Hello! Please meet the latest additions to our household: three tiny chicks. With just two ancient hens left, it was time for some new life in our chicken coop. Not all of the eggs we put in the incubator hatched, and sadly one of the four chicks that did hatch died soon afterwards, but we’re very happy to have three healthy, lively, fluffy, adorable speckled chicks.
Ideally they’ll turn out to be one cock and two hens, but they may just as well be three hens (fine too) or three cocks (not really what we’re hoping for). We’ll wait and see.
With the new chicks, fresh green leaves unfurling on the currant bushes, fat blossom buds on the pear tree and many bulbs in flower, spring has truly sprung in the garden.
On the knitting front, it’s as if it’s a little earlier in the year. Do you know that feeling? You can feel that all kinds of things are happening below the surface, but above ground there is very little to be seen as yet.
I have made some progress on my Linea socks, though, and the foot of the first sock is finished.
I started out doing the cables without a cable needle, as a fast and easy method. (All the cables are basically just pairs of two stitches crossed in front or behind each other.) But after an inch or so, I noticed that they didn’t look great. Especially looking at the tiny cable to the left of the diamond, I think you can see what I mean.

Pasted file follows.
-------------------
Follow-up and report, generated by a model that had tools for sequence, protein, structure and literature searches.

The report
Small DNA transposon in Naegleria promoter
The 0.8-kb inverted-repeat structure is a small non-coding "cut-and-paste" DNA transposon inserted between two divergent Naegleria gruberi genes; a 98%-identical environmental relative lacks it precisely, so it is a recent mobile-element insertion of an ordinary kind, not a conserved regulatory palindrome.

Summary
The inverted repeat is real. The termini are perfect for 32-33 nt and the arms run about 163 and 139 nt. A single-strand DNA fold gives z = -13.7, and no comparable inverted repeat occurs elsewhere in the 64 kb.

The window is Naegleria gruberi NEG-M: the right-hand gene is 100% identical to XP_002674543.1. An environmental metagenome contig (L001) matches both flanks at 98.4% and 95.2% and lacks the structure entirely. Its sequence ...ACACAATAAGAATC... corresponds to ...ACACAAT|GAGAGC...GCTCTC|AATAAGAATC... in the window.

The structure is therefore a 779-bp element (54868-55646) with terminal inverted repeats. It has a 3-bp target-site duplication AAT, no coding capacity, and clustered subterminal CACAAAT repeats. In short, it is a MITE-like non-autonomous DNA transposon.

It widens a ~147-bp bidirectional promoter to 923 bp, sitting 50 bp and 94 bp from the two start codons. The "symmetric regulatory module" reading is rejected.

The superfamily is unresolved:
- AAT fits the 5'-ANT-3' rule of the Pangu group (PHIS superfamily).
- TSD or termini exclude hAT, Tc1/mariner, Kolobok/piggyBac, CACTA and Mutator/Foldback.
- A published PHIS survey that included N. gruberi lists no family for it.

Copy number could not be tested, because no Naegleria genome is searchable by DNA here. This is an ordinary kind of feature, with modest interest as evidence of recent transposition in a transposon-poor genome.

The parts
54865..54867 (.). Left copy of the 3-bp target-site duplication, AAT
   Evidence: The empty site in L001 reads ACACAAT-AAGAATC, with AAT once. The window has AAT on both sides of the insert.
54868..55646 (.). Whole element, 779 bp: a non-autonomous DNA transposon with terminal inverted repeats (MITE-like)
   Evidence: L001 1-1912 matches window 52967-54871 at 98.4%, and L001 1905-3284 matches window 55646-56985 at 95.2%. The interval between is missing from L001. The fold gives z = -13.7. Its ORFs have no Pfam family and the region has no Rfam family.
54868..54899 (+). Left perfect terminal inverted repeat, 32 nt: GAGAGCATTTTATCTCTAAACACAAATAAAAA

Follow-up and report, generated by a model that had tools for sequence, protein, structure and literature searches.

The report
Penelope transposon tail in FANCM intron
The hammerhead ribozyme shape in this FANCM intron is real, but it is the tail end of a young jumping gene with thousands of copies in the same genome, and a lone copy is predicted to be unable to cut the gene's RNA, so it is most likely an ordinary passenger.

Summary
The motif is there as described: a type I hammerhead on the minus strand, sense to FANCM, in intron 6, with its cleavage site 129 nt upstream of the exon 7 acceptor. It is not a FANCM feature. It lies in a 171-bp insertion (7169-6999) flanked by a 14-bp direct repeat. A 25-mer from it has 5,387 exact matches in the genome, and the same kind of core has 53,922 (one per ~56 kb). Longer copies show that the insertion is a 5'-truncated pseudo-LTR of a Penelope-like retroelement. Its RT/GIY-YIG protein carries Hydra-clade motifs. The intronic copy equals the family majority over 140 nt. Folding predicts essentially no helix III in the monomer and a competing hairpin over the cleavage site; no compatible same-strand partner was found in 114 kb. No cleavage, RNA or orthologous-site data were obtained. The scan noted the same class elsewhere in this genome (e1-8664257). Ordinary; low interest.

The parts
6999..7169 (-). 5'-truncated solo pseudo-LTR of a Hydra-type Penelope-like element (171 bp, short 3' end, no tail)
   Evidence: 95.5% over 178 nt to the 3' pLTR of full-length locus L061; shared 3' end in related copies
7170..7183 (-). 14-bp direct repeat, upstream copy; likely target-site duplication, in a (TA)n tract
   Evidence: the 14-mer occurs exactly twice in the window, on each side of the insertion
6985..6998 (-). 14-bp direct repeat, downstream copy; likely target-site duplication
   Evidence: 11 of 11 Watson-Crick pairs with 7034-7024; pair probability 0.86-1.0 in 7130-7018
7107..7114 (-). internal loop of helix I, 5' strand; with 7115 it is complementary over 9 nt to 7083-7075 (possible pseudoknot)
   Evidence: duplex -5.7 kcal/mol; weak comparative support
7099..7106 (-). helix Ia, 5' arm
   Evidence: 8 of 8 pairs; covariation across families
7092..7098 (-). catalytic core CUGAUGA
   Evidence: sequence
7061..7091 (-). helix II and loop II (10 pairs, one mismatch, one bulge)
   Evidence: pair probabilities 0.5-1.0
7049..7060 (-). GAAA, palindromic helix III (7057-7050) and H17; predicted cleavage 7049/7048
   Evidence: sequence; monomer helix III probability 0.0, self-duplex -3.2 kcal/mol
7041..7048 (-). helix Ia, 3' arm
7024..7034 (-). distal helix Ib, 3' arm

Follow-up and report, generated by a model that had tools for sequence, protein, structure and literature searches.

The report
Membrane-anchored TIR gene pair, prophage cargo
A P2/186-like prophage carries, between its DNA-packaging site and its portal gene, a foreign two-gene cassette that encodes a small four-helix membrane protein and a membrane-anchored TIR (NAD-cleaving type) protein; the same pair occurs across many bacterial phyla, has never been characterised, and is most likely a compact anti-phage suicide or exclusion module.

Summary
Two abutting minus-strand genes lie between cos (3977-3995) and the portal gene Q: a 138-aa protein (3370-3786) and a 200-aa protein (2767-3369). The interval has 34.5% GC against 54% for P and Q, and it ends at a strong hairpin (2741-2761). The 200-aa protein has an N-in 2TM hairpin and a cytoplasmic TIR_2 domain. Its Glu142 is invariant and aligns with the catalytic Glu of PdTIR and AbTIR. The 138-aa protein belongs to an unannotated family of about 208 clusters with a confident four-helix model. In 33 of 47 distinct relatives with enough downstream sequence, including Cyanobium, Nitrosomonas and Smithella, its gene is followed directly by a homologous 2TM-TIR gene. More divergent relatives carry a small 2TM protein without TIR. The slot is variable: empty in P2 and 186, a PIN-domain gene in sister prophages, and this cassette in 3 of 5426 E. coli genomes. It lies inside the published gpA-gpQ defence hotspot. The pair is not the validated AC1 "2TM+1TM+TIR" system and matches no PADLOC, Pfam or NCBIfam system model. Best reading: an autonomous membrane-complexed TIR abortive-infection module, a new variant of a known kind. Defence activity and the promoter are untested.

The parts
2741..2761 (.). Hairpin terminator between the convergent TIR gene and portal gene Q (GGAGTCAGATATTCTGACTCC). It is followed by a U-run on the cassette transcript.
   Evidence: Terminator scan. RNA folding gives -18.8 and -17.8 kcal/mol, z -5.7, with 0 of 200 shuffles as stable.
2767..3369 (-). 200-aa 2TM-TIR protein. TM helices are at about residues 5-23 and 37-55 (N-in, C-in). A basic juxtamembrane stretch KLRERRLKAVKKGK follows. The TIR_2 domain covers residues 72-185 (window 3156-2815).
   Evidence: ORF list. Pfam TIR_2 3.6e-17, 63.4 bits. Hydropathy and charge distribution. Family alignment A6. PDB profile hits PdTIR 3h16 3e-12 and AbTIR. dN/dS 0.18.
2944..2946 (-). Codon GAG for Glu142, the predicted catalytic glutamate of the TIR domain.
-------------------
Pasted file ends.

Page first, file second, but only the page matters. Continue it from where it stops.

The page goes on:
Along the bottom half of the diamond (without cable needle), the tiny cables look irregular and sort of angular. Along the top half of the diamond (with cable needle), they are more regular and rounded, as well as more open in the centre. So from here on I’m using a cable needle, even if that means slower progress.
The rest of my knitting is still in the incubation stage. I keep lists of the projects I want to focus on now and would like to knit someday in this notebook.
For me, old-fashioned hand-written notes on paper still work best. With ideas and notes in computer files it is often a matter of ‘out of sight is out of mind’. And the actual act of writing things down by hand seems to connect to a different, more creative part of my brain than typing does.
The notebook was a souvenir from France, and the cover is a design by Gaëlle Boissonnard. I adore her work. Her blog can be read here – it gives a lovely insight into her creative process. Google doesn’t do a great job translating her poetic texts, but just looking at her images is inspiring, too.
Feeling frustrated by the slowness of my creative process, I was thinking of the garden. Why can’t my projects flower now, like the hyacinths and all the other spring bulbs? And then I discovered that I just need to be a little more patient, because I’m a sunflower!
You can find out what flower you are by taking this quiz. Have fun!